War Lit Wrap-Up at #AWP15
|Author, veteran, and former West Point Professor (now at Rutgers) Peter Molin organized this war lit authors dinner. A pretty happy bunch, eh? Peter blogs at Time Now and it’s worth the read. He’ll be posting a discussion of the #AWP15 war lit panels soon. Bonus: the adorable blond at front/center is Siobhan Fallon (You Know When the Men Are Gone), who came all the way from Abu Dhabi to be on a panel with me and who also blogged about war lit.
A few other folks have been blogging about their experiences, and author Christopher Meeks published his summary of the war lit panels he attended in great detail. Conversations touched on authenticity, authority, trauma, beauty, imagination, research, craft, and radical empathy. Read his full blog post here.
|An incredible bunch, left to right: James A. Moad II (who has been instrumental in getting Veteran Voices Month written into the MN State Legislature), nonfiction writer Brandon Lingle whose pub list reads like a dream come true, the one and only Benjamin Busch (Dust to Dust, The Wire, Generation Kill), Jesse Goolsby (whose novel I’d Walk with My Friends if I Could Find Them hits stands this June), and the ever-gracious Brian Turner.
It’s hard not to get a little glossy-eyed looking a photo of fellas like this. Flashes of War could have gone wrong in so many ways. Having people like these five gentlemen in my life means that it did not. In fact, their openness and kind praise has helped me feel more connected and welcomed by the veteran community than I ever would have imagined. I’m lucky, and can only hope the work I’m doing on the novel now will live up to the expectations of these people who I have so come to adore. And speaking of adore…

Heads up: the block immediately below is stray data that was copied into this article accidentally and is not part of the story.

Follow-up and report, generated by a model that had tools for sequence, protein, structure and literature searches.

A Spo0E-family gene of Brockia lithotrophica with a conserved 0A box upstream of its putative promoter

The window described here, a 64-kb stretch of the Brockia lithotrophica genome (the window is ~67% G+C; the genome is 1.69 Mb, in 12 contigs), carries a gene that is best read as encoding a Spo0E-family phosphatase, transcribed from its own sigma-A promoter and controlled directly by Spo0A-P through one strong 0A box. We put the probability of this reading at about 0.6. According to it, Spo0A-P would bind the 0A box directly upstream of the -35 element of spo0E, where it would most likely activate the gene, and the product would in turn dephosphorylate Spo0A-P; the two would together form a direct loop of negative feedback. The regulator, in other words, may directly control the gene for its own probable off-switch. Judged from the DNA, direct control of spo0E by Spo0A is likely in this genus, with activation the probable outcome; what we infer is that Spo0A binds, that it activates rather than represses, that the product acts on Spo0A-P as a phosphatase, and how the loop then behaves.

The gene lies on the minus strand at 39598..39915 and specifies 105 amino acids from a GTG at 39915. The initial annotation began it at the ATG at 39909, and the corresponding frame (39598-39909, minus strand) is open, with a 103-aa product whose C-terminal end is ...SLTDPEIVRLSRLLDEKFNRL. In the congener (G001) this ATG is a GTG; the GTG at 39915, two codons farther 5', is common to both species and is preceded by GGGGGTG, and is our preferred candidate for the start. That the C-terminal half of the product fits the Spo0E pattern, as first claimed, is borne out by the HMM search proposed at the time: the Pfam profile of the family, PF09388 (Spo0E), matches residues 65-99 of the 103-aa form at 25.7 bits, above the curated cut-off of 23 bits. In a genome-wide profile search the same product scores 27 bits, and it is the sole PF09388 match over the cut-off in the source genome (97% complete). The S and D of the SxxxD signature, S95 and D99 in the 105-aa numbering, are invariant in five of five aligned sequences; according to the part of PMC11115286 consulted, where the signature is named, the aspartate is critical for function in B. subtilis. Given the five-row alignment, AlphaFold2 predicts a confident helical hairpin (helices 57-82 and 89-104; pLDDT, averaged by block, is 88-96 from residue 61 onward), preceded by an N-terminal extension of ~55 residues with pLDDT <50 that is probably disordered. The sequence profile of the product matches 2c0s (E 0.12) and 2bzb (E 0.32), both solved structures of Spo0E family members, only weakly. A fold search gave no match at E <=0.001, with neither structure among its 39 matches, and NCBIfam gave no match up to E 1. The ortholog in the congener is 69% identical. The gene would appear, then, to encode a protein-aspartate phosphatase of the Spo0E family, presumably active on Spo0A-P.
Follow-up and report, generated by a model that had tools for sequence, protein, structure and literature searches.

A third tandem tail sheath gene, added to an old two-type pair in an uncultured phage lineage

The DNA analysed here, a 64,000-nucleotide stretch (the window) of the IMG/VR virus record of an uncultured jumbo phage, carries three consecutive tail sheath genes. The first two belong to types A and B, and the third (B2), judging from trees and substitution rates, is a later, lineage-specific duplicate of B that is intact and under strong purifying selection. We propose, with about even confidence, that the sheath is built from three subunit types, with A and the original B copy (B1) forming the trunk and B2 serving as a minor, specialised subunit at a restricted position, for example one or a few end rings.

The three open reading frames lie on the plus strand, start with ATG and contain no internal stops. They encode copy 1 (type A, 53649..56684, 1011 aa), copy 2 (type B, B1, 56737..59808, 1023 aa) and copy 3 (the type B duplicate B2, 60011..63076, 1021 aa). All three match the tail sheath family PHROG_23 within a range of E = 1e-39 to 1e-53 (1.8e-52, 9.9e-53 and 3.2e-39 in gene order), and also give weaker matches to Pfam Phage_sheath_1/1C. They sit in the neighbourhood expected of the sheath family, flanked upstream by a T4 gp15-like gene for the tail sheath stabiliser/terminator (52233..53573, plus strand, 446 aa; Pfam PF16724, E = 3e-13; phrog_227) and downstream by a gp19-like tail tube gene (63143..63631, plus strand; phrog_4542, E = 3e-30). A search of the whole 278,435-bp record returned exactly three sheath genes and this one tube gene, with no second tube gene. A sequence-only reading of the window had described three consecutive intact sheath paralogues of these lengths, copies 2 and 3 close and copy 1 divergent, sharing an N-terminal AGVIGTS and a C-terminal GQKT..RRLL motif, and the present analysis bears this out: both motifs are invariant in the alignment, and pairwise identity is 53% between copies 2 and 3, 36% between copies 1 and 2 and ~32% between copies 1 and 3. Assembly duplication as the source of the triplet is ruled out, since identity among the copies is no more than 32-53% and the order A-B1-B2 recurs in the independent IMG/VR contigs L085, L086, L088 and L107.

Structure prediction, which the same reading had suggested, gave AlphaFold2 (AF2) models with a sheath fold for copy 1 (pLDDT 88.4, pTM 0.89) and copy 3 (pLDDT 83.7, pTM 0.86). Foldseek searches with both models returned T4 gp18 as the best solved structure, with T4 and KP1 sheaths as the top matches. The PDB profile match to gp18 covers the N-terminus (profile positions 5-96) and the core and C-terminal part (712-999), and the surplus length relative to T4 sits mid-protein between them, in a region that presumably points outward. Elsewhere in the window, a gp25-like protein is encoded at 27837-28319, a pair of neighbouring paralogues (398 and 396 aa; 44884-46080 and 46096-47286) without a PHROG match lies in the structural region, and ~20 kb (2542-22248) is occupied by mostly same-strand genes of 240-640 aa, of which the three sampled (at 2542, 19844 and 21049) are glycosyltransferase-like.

|The “Women Writing War” panel organized by author Emily Tedrowe made a great showing and had about 80 folks in the audience. My sincerest regret is that there weren’t any female veterans on our panel. But our conversation was not intended to represent those voices, rather, to contemplate what it means to be a woman writing about war. We touched on interactions with the public, as well as ideas of identity and authority. Female veteran writers such as Jerri Bell (O Dark Thirty editor), Kayla Williams (Love My Rifle More than You), and Teresa Fazio were in the audience. I would have given up my seat, my microphone, and my best set of shoes to hear their thoughts on this topic.
Over the years, I’ve learned that the true spirit of AWP is to further the conversation–whether we’re talking about similes and sensory detail, about independent presses, or about war lit and authenticity. Indeed, the two panels I served on were sparked because of gaps in previous years’ proposals. In coming years, I suspect we’ll see a panel of women veteran authors and a panel of male military spouses, and perhaps even a panel of publishers revealing the hard truths and critical questions they have to field when publishing war lit in particular.
Meantime, if you’re inspired by what’s happening in this crucial field of literature, please enjoy any of the above links for more information about the movers and shakers of war lit right now. These are people who’ve paved the way for me, and I couldn’t be more grateful.